Family Gene-ius: Around the Table

Family Gene-ius: Around the Table

Shreya Shankar

My family dinner, full of protein and knowledge.

 
Image I've learned a lot of life lessons at the dinner table – many of them when I was young enough to not actually remember what I was learning. I was a fairly normal baby, weighing in at a little over six and a half pounds. Unfortunately, I became what I can only describe as quite a “chubster” baby. My mom swears it was just baby fat, and I'd have to agree, but it seemed like there was something a little different about me. Did anyone else have pants that would only make it up to their mid-calves because they had a little “baby fat”? I don't think so.

Now don't get me wrong, I'm not ashamed of how much I weighed when I was a baby. In fact, I'm quite proud of my overzealous appetite as a small child. I ate baby food until I was about eight months old – and then I was introduced to the big kahuna: adult food. My mom will happily regale me with the stories of how I would sit in my high chair at a little less than a year old, with no teeth but “very strong gums,” and snatch at everything in my sight. I never seemed to want any food that was actually designated for me – which means that yes, the grass is always greener on the other side, even when you're an infant. My arms would continuously wave as I leaned forward in my high chair, trying my best to see if I could actually get out to crawl around the table and go for the gold. This was also when I learned another very valuable life lesson (little did I know at the time) – if you try hard enough, you can get what you want.

I don't know if my parents appeased me and gave me whatever food I was asking for because I was cute, or because I was persistent – let's just assume it was a nice mix of both. But regardless, it worked. There are definitely a lot of things you can't control in life, but then there are the things you can control. Sometimes things aren't so obvious, and we don't think we have as much control as we truly do, and that's where the beauty of innocence comes in. As a baby, I had no real rights to request adult food over baby food – heck, I probably should have waited until I had teeth to start eating the food the rest of my family was eating. I was an adventurous baby – I wanted what I couldn't have, and that hasn't changed much from when I was a toddler.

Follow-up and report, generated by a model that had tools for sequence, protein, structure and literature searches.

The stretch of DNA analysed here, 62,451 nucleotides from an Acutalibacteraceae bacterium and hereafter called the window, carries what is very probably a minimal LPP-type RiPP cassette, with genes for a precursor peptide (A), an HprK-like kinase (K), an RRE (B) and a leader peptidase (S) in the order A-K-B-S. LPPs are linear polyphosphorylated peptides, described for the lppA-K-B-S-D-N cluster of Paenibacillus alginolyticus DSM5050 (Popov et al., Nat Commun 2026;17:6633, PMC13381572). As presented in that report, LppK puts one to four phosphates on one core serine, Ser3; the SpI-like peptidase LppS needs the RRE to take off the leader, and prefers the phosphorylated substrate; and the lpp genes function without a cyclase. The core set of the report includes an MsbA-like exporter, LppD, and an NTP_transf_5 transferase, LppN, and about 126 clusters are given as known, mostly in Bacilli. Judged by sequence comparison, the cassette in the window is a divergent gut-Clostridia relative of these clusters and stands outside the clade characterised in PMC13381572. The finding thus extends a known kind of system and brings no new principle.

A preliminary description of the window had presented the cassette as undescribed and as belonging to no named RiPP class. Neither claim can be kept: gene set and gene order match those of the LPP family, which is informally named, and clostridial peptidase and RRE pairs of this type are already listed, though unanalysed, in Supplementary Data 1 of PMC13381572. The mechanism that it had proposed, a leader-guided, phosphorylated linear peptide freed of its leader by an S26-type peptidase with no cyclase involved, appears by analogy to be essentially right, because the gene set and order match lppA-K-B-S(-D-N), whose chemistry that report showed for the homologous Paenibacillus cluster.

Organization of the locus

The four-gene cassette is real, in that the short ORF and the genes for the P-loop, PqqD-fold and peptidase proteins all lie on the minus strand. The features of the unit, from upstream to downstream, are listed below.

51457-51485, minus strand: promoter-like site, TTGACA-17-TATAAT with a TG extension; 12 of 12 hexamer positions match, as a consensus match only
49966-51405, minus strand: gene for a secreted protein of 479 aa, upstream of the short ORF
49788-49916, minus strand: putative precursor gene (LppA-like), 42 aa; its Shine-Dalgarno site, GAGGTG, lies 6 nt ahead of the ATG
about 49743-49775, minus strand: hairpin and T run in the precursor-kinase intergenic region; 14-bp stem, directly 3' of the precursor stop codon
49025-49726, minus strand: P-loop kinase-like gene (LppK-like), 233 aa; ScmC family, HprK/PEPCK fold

If you know what you want (in my case as a baby, the adult food), it might not be the smartest idea to begin your quest for it by throwing pudgy fists up in the air a la babies. After all, every situation is different – doesn't mean you have less of a chance to get what you want, it just means that the real smartness comes in how you approach getting what you want. Asking Mom about going out to a certain party may be a better idea than asking Dad the same question, right?

If my family dinners were that educational at such a young age, I can't help but wonder just how much I can learn from them at this point in my life when I'm a (somewhat) mature young woman with better conversational skills than just drooling or constantly grabbing things. As a college-bound senior, I've made it a priority to start spending more time with my family, and that starts with family dinner. Like Nickelodeon constantly advertises, families who eat dinner together stay together. I'm convinced that family dinners hold a lot of secrets and knowledge about life, so I'm taking it upon myself to dig deep to find out what family dinners can do for you. And hey, worst case scenario? Family dinners are just that – family dinners. At least you get a good meal and great company out of it.